Investment properties are initially measured at cost, including related transaction costs. At each subsequent reporting date they are remeasured to their fair value. Movements in fair value are included in the Group Income Statement. Investment properties are valued by the Directors based on up to date market information.

Subsequent expenditure is capitalised to the asset's carrying value only where it is probable that the future economic benefits associated with the expenditure will flow to the Group.

Any gain or loss resulting from the sale of an investment property is immediately recognised in the Group Income Statement. An investment property shall be derecognised on disposal. When the Directors consider that the status of the property has changed to being a development property it is transferred to inventories. A property is transferred to inventories when it has been decided that the units being constructed will be sold and no future rental income is expected.

When a partial disposal or transfer is made, the proportion relating to the disposal or transfer is derecognised.

Right-of-use assets

Right of use assets, comprising the lease of property, are initially measured at the amount of the lease liability, reduced for any lease incentives received, and increased for lease payments made at or before commencement of the lease, initial direct costs incurred; and the amount of any provision recognised where the group is contractually required to dismantle, remove or restore the leased asset (typically leasehold dilapidations).

Intangible assets

Intangible assets, comprising costs incurred in the development phase of new business models and associated set-up costs, are stated at cost less provisions for both amortisation and impairments.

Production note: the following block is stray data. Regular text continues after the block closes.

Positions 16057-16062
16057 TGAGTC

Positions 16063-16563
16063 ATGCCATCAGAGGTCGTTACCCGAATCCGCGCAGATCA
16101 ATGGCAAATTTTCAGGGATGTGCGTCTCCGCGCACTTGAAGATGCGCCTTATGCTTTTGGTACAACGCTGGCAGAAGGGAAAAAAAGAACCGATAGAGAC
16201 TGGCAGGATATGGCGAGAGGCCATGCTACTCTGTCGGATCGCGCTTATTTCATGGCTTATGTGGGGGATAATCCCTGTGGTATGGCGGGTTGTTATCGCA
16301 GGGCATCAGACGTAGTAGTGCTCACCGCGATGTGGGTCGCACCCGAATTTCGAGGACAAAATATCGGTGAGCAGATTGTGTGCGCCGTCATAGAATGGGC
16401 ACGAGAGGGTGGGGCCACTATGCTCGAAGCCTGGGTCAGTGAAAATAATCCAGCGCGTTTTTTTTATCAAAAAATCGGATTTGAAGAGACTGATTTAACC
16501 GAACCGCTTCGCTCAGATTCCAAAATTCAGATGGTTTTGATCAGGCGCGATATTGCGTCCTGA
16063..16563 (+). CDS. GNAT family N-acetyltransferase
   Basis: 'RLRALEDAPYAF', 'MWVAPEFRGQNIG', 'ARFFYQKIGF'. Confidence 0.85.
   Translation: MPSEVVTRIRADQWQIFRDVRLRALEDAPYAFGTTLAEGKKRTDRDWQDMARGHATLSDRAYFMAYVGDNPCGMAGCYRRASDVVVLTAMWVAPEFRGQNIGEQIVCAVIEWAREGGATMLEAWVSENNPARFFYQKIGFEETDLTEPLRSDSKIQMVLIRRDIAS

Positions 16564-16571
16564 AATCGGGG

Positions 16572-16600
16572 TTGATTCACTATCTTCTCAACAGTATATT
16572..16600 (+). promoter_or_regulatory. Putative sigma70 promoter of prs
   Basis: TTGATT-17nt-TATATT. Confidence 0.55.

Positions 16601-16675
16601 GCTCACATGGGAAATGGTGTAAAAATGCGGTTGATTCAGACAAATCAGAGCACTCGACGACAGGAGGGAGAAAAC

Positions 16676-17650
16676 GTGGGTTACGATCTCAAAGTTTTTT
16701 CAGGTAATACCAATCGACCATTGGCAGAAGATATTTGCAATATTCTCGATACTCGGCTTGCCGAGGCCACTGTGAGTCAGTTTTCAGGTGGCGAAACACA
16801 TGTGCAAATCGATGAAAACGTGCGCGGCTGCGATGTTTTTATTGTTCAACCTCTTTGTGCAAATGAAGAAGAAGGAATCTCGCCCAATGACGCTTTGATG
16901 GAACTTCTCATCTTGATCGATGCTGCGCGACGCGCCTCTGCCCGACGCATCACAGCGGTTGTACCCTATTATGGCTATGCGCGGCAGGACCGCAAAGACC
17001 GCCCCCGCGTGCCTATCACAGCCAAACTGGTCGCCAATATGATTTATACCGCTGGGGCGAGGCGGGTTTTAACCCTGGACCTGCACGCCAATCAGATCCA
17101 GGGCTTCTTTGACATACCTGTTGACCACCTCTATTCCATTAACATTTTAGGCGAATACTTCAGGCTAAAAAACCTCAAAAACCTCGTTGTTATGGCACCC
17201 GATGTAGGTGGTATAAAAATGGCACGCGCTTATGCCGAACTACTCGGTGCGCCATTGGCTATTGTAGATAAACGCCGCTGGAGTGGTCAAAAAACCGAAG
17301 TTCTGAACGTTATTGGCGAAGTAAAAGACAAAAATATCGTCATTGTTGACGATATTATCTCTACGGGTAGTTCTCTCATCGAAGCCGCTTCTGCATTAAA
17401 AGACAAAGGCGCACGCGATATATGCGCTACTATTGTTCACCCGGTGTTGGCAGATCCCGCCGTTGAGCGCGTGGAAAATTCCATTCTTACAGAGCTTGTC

Development phase costs relate to new business models either separately acquired or acquired as part of a business combination are amortised over their estimated useful lives, generally not exceeding 20 years, using the straight-line basis, from the time they are available for use. The estimated useful lives for determining the amortisation charge considers the expected business model life. Asset lives are reviewed, and where appropriate adjusted, annually.

Research costs are recognised in the Income Statement as incurred.

The rates generally applicable are:

•     Enterprise Resource Planning system - 10%

•     Development costs - 25%

•     Website costs - 25%

•     Other computer software - 25%

Inventories

Inventories consist of land and work in progress and are valued at the lower of cost and net realisable value. Cost includes the purchase of sites, the cost of infrastructure and construction works, and legal and professional fees incurred during development prior to sale. Net realisable value is estimated based upon the future expected selling price, less estimated costs of completion and estimated costs to sell.

Assets held for sale

Non-current assets are classified as held for sale when:

•     they are available for immediate sale;

•     management is committed to a plan to sell;

•     it is unlikely that significant changes to the plan will be made or that the plan will be withdrawn;

•     an active programme to locate a buyer has been initiated;

•     the asset or disposal group is being marketed at a reasonable price in relation to its fair value; and

•     a sale is expected to complete within twelve months from the date of classification.

Non-current assets classified as held for sale are measured at the lower of:

•     their carrying amount immediately prior to being classified as held for sale in accordance with the Group's accounting policy; and

•     fair value less costs of disposal.

Following their classification as held for sale, non-current assets are not depreciated.

The results of operations disposed during the year are included in the consolidated statement of comprehensive income up to the date of disposal.

Taxation

Current tax is the tax currently payable based on taxable profit for the period calculated using tax rates and laws substantively enacted at the reporting date.